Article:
The past two decades in fact have witnessed the emergence of innovative ways of critically analyzing landscapes. How a landscape is interpreted is an important consideration in the so-called new cultural geography that is theoretically grounded in the philosophy of the French scholar Michael Foucault and the writings of other post-modern and post-structuralist thinkers. Some who are engaged in the “new” school of landscape interpretation regard a landscape as a kind of textual feature, which may be “read” in a number of different ways, depending on the perspective and background of the observer. A given landscape may be interpreted quite differently based on the gender, race, social class, age, sexual preference, or even political affiliation of those viewing it, and therefore the significance and meaning of the landscape varies accordingly. Other key issues for cultural geographers regarding landscapes concern how they are constructed, why they are constructed, and how they affect the behavior and attitudes of those who live within them.
Landscape ecology is a field closely related to geography that attempts a holistic analysis of the interaction between human activity and the natural environment. Studies in landscape ecology often are vital to understanding the methods and dynamics of achieving sustainable development. Geographers, ecologists, and regional planners use landscape ecology to construct a broad image of the changes brought to an ecosystem over time by human settlement and economic development. Landscape ecologists are concerned with the scale at which changes in the landscape take place. For instance, the landscape under study might be no larger than several fields, or it could be as large as a county, state, or province. Various areas within the landscape that are spatially similar are termed patches, and the number and variety of these determine the degree of heterogeneity a specific landscape indicates. Heterogeneity is an indicator of the spatial diversity of the landscape, which landscape ecologists consider vital to maintaining its stability and avoiding the degradation of local ecosystems.
Organizing space through the spatial structure of the “landscape” has applications and importance beyond academic geography. The recognition and preservation of “cultural landscapes” is a major component of the United Nations Educational, Scientific and Cultural Organization’s (UNESCO) World Heritage Program. The World Heritage Program designates regions that fit a specified group of characteristics as “cultural landscapes,” which do not fit either strictly “cultural” or “natural” criteria. Cultural landscapes in this context are a blend of “natural” features and “cultural” features (which is precisely how Carl Sauer conceived them) and show the interaction of both over a considerable stretch of time. One of the first locations awarded this status by the World Heritage Program was the national park that surrounds Uluru (Ayers Rock) in Australia. This is perhaps the quintessential cultural landscape because it represents a combination of spectacular natural features with the sacred space of Australia’s native people. This landscape has been utilized and modified by humans for thousands of years, and today continues to be changed by human activity through the visitation of tourists. The single constant that all landscapes share is the element of change brought about by both natural and human processes.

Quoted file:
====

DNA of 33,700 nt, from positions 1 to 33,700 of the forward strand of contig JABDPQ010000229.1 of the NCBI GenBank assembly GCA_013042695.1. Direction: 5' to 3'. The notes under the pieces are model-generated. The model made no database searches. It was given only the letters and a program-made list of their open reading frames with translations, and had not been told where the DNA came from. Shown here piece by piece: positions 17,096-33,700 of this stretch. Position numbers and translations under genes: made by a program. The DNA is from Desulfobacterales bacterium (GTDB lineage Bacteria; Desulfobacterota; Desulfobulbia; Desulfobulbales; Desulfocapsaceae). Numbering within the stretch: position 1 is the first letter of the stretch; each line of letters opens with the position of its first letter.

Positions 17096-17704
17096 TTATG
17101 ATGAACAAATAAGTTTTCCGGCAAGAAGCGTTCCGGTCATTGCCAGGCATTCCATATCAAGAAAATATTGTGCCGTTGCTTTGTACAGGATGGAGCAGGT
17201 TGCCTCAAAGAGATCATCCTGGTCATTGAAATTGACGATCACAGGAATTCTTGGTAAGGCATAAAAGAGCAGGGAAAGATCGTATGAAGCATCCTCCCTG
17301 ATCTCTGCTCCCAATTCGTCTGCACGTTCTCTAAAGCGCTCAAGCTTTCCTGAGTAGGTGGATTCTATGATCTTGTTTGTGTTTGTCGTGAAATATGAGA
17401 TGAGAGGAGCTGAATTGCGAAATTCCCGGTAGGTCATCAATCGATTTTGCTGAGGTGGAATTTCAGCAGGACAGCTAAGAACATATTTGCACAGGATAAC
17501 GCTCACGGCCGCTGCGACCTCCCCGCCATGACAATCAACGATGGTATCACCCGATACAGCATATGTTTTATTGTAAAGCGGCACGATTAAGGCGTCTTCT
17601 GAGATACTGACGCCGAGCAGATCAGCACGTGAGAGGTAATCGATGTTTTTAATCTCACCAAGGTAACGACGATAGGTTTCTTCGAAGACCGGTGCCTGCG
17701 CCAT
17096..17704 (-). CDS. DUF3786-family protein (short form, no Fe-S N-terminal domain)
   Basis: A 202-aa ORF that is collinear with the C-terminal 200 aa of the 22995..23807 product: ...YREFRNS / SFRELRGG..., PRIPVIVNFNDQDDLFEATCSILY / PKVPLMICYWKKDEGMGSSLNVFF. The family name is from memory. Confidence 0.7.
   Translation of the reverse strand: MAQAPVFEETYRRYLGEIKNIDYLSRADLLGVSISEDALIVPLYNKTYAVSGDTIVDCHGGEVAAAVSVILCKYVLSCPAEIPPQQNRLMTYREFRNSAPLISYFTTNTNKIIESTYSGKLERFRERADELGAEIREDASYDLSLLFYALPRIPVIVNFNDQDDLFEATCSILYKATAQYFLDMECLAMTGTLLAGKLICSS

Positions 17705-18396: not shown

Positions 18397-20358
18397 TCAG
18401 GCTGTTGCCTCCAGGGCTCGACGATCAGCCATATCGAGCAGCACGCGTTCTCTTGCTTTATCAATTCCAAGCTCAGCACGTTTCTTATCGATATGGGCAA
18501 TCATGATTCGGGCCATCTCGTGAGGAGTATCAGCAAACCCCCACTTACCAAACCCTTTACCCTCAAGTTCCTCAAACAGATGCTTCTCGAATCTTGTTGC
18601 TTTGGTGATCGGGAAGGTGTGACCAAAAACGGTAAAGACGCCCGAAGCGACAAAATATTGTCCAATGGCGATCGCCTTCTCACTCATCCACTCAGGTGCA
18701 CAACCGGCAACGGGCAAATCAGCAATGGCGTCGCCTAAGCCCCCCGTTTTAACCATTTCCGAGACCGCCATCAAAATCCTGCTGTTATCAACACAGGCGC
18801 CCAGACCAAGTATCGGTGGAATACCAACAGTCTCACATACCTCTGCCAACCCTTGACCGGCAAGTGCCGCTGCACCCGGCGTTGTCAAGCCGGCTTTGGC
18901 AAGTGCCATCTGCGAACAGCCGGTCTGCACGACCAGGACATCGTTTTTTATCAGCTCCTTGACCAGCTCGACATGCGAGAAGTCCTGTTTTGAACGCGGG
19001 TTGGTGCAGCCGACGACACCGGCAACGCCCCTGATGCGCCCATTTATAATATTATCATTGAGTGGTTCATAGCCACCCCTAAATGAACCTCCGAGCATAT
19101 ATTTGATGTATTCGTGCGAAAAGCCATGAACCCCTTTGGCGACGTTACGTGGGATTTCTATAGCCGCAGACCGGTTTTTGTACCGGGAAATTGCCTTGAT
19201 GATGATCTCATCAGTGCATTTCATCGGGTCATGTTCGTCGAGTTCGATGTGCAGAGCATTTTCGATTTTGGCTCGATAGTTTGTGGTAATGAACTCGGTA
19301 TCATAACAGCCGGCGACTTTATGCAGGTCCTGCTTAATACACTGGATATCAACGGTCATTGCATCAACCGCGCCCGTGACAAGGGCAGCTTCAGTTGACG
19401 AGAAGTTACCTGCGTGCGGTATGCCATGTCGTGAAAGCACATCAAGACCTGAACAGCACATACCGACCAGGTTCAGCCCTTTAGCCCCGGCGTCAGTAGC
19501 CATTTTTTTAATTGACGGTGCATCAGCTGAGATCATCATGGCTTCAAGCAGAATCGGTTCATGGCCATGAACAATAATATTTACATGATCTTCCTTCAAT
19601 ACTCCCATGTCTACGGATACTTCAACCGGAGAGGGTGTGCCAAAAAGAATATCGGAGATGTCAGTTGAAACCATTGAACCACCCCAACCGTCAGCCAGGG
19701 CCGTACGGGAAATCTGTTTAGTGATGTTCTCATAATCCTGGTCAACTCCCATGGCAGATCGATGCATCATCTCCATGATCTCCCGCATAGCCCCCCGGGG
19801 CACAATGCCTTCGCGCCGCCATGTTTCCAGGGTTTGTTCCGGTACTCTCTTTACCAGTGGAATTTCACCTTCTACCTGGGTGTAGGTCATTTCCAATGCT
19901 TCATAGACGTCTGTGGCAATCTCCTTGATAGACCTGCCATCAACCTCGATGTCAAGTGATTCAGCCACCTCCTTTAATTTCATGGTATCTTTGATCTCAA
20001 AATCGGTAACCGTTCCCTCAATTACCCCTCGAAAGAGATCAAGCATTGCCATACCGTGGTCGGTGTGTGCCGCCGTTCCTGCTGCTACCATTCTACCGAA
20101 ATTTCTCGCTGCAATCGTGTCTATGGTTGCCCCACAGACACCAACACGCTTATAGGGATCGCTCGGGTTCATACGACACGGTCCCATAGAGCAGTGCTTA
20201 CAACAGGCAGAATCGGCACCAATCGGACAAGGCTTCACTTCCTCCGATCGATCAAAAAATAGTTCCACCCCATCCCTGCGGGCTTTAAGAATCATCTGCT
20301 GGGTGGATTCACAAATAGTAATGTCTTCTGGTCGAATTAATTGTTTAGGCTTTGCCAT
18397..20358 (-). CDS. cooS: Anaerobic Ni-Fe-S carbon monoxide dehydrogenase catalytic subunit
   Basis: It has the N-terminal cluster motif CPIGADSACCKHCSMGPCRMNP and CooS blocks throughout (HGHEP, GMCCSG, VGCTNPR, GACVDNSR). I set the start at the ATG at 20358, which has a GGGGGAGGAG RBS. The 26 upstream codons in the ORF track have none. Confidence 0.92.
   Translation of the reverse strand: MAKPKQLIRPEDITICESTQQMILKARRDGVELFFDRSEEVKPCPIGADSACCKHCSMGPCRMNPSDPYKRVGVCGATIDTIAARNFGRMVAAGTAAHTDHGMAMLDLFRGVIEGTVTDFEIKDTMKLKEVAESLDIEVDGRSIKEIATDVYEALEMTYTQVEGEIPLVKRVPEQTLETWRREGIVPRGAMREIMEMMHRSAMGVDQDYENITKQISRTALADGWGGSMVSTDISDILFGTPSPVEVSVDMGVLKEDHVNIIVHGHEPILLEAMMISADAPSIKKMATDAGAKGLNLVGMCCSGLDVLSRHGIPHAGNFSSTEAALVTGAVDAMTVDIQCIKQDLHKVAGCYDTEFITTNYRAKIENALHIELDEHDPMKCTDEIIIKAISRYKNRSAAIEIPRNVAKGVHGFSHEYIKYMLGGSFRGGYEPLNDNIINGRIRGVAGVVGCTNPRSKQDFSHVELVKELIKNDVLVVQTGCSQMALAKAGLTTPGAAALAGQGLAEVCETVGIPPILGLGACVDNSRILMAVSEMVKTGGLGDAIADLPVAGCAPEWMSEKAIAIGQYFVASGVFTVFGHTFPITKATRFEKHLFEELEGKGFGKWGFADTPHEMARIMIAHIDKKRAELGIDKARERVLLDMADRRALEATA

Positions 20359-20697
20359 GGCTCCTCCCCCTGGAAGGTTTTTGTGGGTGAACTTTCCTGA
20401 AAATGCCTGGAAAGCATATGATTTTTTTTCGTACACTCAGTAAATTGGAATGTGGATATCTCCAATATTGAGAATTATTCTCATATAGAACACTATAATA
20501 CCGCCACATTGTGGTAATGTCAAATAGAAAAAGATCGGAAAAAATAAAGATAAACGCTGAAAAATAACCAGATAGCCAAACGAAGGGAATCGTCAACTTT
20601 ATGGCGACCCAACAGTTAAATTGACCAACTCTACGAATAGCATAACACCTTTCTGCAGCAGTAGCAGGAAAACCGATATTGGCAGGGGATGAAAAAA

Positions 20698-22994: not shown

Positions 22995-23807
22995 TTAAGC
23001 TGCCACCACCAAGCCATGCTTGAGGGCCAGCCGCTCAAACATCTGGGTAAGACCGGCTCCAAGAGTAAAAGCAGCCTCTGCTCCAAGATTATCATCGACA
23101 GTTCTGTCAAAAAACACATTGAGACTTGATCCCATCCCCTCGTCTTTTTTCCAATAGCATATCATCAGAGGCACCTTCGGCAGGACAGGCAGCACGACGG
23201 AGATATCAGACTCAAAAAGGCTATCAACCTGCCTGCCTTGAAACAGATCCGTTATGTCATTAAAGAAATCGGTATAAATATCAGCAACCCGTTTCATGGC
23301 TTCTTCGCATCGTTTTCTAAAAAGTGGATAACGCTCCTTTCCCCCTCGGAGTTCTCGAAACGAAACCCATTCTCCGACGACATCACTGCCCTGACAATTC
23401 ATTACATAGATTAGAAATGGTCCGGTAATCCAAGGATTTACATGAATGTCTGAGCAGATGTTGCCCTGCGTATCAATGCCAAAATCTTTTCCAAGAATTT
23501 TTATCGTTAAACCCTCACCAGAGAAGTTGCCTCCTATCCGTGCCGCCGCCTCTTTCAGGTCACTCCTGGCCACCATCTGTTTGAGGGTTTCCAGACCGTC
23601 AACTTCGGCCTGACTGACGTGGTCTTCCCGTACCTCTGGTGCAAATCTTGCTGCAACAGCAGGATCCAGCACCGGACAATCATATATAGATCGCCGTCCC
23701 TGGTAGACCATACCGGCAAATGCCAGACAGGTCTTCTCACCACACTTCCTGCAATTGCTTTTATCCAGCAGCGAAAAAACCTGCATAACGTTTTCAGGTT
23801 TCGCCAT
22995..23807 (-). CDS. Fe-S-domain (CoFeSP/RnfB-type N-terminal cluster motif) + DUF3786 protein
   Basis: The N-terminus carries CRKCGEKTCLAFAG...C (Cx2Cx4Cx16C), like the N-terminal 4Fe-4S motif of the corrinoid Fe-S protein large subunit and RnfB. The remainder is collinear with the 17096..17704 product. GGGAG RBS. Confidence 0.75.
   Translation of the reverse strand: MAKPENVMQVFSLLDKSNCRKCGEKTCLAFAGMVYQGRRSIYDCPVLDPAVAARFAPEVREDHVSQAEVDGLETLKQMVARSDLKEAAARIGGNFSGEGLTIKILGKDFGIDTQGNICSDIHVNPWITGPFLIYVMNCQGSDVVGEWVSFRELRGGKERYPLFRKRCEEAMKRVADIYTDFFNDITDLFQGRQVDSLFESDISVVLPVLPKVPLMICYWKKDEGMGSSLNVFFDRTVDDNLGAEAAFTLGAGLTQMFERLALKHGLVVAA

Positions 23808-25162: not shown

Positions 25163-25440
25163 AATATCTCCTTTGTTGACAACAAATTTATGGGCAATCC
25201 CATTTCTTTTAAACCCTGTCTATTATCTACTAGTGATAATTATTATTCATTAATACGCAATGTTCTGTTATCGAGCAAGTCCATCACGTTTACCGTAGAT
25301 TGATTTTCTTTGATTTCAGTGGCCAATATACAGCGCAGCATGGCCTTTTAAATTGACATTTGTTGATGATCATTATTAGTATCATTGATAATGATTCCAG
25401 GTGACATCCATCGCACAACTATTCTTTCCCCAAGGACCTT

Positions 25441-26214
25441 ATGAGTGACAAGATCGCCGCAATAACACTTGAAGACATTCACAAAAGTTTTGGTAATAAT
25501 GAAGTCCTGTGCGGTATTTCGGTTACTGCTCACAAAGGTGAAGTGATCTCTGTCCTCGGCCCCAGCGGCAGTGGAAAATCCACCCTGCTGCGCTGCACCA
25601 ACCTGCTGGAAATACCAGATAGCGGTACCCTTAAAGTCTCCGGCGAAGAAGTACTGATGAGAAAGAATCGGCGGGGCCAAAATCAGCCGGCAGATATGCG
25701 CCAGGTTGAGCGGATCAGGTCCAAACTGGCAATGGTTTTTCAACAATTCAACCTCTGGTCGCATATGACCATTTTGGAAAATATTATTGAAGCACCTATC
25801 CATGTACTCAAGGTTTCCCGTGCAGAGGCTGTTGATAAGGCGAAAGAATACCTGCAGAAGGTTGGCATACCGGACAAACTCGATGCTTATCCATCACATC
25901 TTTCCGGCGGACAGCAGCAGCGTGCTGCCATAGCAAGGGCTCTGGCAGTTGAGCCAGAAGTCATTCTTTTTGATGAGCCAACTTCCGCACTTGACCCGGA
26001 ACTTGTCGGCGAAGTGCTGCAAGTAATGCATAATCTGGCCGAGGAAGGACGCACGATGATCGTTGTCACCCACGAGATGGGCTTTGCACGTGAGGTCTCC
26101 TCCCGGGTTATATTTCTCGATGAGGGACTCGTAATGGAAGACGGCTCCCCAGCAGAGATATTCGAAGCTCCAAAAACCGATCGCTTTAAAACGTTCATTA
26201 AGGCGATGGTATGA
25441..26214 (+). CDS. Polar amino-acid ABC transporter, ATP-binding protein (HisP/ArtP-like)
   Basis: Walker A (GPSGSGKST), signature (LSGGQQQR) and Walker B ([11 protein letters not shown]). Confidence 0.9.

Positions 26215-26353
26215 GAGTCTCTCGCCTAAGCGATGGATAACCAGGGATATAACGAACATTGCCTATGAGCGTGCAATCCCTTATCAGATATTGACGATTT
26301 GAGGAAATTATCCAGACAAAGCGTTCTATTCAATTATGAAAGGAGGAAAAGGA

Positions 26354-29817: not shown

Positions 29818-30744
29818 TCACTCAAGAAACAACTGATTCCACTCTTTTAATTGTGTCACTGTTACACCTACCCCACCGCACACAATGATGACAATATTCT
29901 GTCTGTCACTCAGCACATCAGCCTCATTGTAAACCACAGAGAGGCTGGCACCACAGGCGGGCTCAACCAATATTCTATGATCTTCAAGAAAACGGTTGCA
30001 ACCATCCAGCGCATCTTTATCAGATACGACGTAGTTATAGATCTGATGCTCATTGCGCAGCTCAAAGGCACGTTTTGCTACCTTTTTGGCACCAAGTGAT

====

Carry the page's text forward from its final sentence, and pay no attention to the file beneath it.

Related Credo Articles
In one of its everyday usages, the term ‘landscape’ signifies the specific arrangement or pattern of ‘things on the land’: trees, meadows,...
Anthropologists have been slow to appreciate the potential of landscape studies. They have tended to think of landscape either in terms of...
No single ancient or medieval term corresponds fully to the English landscape , encompassing as it does an unmediated view of the natural world...